Poultry, which is raised by humans around the world for eggs and meat, is a member of the genus Fasiana, a subfamily of the Fasianidae family of birds. Today’s domestic chickens are the posterior generation of domesticated red wild chickens. Chickens lay eggs up to 300 days a year compared to other birds. The hens lay their eggs only during the day. Especially in the morning. Why do chickens not lay eggs at night?
The reproductive cycle of a chicken is controlled by light (photo period) or light exposure. Chickens need at least 14 hours of light per day to lay eggs. They produce eggs at maximum rate with 16 hours of light exposure. Chickens usually lay their eggs within six hours of sunrise – chickens kept on the farm need artificial light. Lack of light can affect egg laying.
Chickens have only one ovary. The ovary is full of immature follicles. During growth, the yolk sac forms before moving to the ovary. This is where the laying process begins. An ovum or egg yolk is released from the ovary. The egg white, shell membrane and egg shell form around the yolk. It slowly travels to the long ovary of the chicken. The reproductive, urinary, and intestinal pushes the egg out through a single hole in all three. It takes about 26 hours from ovulation to ovulation.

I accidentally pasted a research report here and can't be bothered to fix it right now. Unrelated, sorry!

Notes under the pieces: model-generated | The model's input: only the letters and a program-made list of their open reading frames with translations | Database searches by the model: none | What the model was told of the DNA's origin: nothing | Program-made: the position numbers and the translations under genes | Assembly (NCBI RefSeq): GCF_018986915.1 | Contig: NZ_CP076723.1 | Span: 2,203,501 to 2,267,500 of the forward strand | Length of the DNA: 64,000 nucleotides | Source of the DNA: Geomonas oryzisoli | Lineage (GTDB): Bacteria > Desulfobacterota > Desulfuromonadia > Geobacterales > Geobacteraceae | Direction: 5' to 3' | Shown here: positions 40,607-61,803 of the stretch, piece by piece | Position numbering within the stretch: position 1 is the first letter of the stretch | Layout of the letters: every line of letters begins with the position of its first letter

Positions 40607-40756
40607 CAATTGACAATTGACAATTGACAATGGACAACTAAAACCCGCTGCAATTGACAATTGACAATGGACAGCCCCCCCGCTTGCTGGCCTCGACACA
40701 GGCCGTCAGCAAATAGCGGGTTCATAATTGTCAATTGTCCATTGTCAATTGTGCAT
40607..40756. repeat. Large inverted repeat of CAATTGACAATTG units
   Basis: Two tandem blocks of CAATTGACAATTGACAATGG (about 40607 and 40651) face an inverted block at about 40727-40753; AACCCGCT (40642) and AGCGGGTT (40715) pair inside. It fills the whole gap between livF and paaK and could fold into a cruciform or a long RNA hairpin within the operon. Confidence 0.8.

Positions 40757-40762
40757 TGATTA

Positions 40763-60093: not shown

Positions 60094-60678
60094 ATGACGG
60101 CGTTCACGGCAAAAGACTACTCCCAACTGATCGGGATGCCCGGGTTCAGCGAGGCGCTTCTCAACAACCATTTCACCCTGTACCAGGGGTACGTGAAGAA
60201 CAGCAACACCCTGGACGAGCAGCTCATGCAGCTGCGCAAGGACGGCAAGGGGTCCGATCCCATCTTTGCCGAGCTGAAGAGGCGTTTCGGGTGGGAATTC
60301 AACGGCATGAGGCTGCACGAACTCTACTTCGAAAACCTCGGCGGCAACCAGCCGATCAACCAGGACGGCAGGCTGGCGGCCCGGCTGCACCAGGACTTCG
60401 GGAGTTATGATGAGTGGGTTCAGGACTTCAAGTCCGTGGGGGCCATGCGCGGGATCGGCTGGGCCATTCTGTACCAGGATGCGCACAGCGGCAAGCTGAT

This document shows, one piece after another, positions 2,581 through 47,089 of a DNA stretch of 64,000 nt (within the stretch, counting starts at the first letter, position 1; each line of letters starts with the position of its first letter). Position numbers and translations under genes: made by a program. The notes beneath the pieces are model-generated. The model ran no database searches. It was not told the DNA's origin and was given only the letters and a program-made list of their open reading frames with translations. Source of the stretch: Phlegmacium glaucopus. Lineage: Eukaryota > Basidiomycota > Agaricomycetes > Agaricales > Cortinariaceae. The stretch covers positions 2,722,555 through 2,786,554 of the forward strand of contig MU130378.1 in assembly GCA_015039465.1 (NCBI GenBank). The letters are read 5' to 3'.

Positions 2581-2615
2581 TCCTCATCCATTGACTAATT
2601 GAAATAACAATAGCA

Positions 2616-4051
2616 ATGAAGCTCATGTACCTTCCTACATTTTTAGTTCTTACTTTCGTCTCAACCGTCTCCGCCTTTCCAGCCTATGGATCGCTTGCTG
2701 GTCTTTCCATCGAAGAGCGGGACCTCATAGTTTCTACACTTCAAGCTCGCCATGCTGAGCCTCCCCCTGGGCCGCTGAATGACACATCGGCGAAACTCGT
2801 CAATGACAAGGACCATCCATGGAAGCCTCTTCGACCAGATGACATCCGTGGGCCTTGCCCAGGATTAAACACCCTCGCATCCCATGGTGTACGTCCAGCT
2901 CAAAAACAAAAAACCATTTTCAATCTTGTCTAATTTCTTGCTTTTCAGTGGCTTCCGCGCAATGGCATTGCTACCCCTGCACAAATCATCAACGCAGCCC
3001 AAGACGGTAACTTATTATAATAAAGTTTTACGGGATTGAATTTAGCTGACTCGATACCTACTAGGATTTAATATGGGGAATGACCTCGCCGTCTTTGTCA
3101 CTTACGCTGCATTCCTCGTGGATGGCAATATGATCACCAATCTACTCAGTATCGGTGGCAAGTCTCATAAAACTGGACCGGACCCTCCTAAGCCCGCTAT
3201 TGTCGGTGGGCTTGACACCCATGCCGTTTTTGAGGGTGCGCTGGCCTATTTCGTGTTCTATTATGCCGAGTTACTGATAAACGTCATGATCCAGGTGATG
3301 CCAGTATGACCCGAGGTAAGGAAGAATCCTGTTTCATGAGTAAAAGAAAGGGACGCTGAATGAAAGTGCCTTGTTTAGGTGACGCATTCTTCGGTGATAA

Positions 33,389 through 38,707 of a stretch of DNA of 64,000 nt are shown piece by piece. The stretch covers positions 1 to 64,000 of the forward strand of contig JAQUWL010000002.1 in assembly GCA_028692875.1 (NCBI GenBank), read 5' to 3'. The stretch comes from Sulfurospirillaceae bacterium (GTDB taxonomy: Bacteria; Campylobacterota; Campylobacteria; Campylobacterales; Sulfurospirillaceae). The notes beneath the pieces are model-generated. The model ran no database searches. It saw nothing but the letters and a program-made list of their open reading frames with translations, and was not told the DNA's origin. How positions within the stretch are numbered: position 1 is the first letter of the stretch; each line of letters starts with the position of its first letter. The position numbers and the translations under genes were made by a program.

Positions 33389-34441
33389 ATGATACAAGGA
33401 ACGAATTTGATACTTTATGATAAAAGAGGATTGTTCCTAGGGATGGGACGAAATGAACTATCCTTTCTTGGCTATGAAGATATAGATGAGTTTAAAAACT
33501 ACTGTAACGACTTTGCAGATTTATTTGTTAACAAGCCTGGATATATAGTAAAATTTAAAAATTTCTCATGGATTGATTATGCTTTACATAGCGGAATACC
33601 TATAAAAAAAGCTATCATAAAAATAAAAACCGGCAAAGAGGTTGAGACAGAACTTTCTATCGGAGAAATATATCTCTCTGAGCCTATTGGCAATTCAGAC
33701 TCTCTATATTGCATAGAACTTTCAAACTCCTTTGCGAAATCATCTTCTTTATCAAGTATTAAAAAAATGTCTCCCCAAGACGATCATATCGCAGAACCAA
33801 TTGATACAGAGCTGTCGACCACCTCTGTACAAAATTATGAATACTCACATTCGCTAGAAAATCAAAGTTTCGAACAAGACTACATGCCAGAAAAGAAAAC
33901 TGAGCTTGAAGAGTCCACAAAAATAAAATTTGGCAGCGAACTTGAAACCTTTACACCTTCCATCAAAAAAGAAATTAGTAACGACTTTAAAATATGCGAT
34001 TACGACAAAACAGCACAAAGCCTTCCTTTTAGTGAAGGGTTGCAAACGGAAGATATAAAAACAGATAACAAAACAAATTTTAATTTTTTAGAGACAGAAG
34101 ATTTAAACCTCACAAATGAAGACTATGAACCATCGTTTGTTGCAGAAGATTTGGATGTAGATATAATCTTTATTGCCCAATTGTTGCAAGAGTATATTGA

The hens usually lay their eggs in the morning but turn around in the afternoon and lay their eggs till 3 o’clock. (Genetic factors also affect egg laying. Brown breeds lay eggs earlier, while white and gray eggs lay late. Broiler chickens, which are bred only for meat production, are found to lay eggs in the morning.) One hour after laying, the next ovulation takes place. If a hen lays eggs in the afternoon, ovulation will be delayed again until the next day. The egg is laid after about 26 hours. That is why some hens lay their eggs on alternate days.
Laying hens can produce only one egg every 28 hours. It does not ovulate at night or lay eggs in the dark, and the rate of egg production varies depending on the duration of light and time.